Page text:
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Donald J Atwood

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NEWS
October 25, 1991 | Associated Press
Deputy Secretary of Defense Donald J. Atwood will visit the Soviet Union next week to discuss converting the Soviet defense industry to civilian production, the Pentagon said Thursday. Seven U.S. industrialists will accompany Atwood on the eight-day fact-finding trip, said spokesman Pete Williams.
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NEWS
April 26, 1994 | From Reuters
Donald J. Atwood, former deputy secretary of defense and retired vice chairman of General Motors Corp., has died after ulcer surgery in a suburban Detroit hospital. He was 69. A spokeswoman for William Beaumont Hospital in Royal Oak, Mich., said Atwood suffered a heart attack as a complication of the surgery Sunday and died Sunday night.
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NEWS
January 26, 1989 | From Associated Press
President Bush on Wednesday picked former Louisiana GOP congressman W. Henson Moore for the No. 2 job at the Energy Department and selected attorney William M. Diefenderfer III to be second in command at the Office of Management and Budget. For the No. 2 spot at the Pentagon, Bush chose automotive executive Donald J. Atwood.
NEWS
October 25, 1991 | Associated Press
Deputy Secretary of Defense Donald J. Atwood will visit the Soviet Union next week to discuss converting the Soviet defense industry to civilian production, the Pentagon said Thursday. Seven U.S. industrialists will accompany Atwood on the eight-day fact-finding trip, said spokesman Pete Williams.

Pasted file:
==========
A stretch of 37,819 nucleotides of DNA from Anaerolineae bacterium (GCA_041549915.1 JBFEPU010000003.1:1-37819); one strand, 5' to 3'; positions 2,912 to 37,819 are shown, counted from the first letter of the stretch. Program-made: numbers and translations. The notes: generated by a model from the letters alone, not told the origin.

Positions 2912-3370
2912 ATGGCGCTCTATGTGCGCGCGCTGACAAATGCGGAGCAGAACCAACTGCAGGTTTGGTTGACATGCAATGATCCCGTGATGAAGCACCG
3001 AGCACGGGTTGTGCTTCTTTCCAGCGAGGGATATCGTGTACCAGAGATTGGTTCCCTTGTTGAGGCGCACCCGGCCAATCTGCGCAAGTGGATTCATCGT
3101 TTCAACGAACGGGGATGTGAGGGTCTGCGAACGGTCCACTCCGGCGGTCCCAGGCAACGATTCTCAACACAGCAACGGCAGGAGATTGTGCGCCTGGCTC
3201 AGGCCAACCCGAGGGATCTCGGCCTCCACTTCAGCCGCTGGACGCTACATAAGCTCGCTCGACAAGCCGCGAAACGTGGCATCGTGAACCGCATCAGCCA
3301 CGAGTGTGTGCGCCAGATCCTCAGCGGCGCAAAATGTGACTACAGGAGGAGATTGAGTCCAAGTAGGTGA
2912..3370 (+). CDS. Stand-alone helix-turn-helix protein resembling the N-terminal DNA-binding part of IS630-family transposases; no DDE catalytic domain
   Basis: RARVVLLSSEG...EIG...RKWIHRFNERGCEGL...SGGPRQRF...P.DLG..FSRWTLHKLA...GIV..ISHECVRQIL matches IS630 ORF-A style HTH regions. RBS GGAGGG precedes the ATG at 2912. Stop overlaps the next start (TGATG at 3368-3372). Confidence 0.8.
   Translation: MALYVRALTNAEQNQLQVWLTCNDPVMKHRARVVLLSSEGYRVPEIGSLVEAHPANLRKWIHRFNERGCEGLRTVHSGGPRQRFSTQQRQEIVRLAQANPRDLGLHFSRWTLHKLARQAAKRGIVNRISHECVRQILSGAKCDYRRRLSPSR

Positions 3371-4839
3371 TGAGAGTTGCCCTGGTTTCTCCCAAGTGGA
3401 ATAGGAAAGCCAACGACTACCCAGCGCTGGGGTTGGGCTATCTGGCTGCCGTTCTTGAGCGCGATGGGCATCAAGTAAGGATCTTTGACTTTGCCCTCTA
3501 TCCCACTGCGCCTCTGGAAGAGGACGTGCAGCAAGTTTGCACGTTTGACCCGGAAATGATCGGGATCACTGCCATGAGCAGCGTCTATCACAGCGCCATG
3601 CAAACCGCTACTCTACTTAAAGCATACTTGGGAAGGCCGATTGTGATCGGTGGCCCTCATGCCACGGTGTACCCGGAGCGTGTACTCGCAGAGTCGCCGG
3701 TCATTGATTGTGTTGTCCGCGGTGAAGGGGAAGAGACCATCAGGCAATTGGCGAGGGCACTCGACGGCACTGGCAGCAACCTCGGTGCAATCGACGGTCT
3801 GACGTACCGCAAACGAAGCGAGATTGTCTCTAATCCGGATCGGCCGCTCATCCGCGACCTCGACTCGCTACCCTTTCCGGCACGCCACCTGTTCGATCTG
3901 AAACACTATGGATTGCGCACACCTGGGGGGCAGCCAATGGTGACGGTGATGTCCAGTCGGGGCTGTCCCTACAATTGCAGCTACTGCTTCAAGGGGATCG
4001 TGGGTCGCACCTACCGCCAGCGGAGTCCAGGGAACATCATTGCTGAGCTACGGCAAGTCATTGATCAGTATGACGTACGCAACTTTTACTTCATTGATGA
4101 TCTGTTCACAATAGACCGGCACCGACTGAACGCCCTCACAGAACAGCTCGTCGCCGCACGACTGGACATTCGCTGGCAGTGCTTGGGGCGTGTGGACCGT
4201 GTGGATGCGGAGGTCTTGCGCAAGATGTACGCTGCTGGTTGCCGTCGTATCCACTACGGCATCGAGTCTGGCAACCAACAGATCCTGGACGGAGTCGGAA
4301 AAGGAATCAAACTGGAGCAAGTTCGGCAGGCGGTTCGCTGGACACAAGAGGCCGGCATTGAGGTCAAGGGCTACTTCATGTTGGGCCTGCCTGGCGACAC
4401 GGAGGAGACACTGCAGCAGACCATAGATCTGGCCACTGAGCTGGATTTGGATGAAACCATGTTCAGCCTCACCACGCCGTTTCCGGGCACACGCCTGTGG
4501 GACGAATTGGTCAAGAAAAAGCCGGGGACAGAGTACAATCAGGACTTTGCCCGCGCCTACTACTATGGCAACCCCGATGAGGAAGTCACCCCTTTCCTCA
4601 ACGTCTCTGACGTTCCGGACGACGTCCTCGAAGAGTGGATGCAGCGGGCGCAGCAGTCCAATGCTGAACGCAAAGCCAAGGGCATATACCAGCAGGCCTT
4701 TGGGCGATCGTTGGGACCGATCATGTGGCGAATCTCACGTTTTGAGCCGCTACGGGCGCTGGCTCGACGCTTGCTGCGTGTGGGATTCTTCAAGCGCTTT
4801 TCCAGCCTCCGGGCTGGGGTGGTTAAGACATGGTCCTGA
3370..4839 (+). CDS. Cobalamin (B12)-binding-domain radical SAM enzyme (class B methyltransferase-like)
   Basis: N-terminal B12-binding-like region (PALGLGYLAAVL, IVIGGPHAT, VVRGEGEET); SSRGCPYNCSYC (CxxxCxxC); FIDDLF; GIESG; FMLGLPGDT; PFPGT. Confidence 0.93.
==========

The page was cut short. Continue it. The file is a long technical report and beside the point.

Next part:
NEWS
December 2, 1989 | MELISSA HEALY, TIMES STAFF WRITER
Deputy Defense Secretary Donald J. Atwood, in a move certain to reignite passions on Capitol Hill, ordered the Marine Corps Friday to discontinue spending on production of the V-22 Osprey tilt-rotor aircraft, senior defense officials said.
BUSINESS
January 27, 1989 | RALPH VARTABEDIAN, Times Staff Writer
General Motors said Thursday that it will not immediately replace Donald J. Atwood, the president of GM Hughes Electronics who was nominated by President Bush this week to be deputy secretary of defense. Atwood still must be confirmed in his new job by the Senate, but the announcement of his departure from GM is expected to create a potentially troublesome vacuum at GM's Hughes Aircraft unit in Los Angeles.
NEWS
September 9, 1991 | MELISSA HEALY, TIMES STAFF WRITER
The Defense Department, struggling to cast aside more than four decades of suspicion, is exploring ways to help the Soviet Union and the newly independent Baltic countries by offering technical and organizational advice to their armed forces. The Pentagon's assistance could range from counsel on the conversion of defense industries and tips on how to organize military forces in a democratic society to more sensitive exchanges on nuclear weapons safety and security, officials told The Times.
NEWS
April 26, 1994 | From Reuters
Donald J. Atwood, former deputy secretary of defense and retired vice chairman of General Motors Corp., has died after ulcer surgery in a suburban Detroit hospital. He was 69. A spokeswoman for William Beaumont Hospital in Royal Oak, Mich., said Atwood suffered a heart attack as a complication of the surgery Sunday and died Sunday night.
BUSINESS
August 6, 1985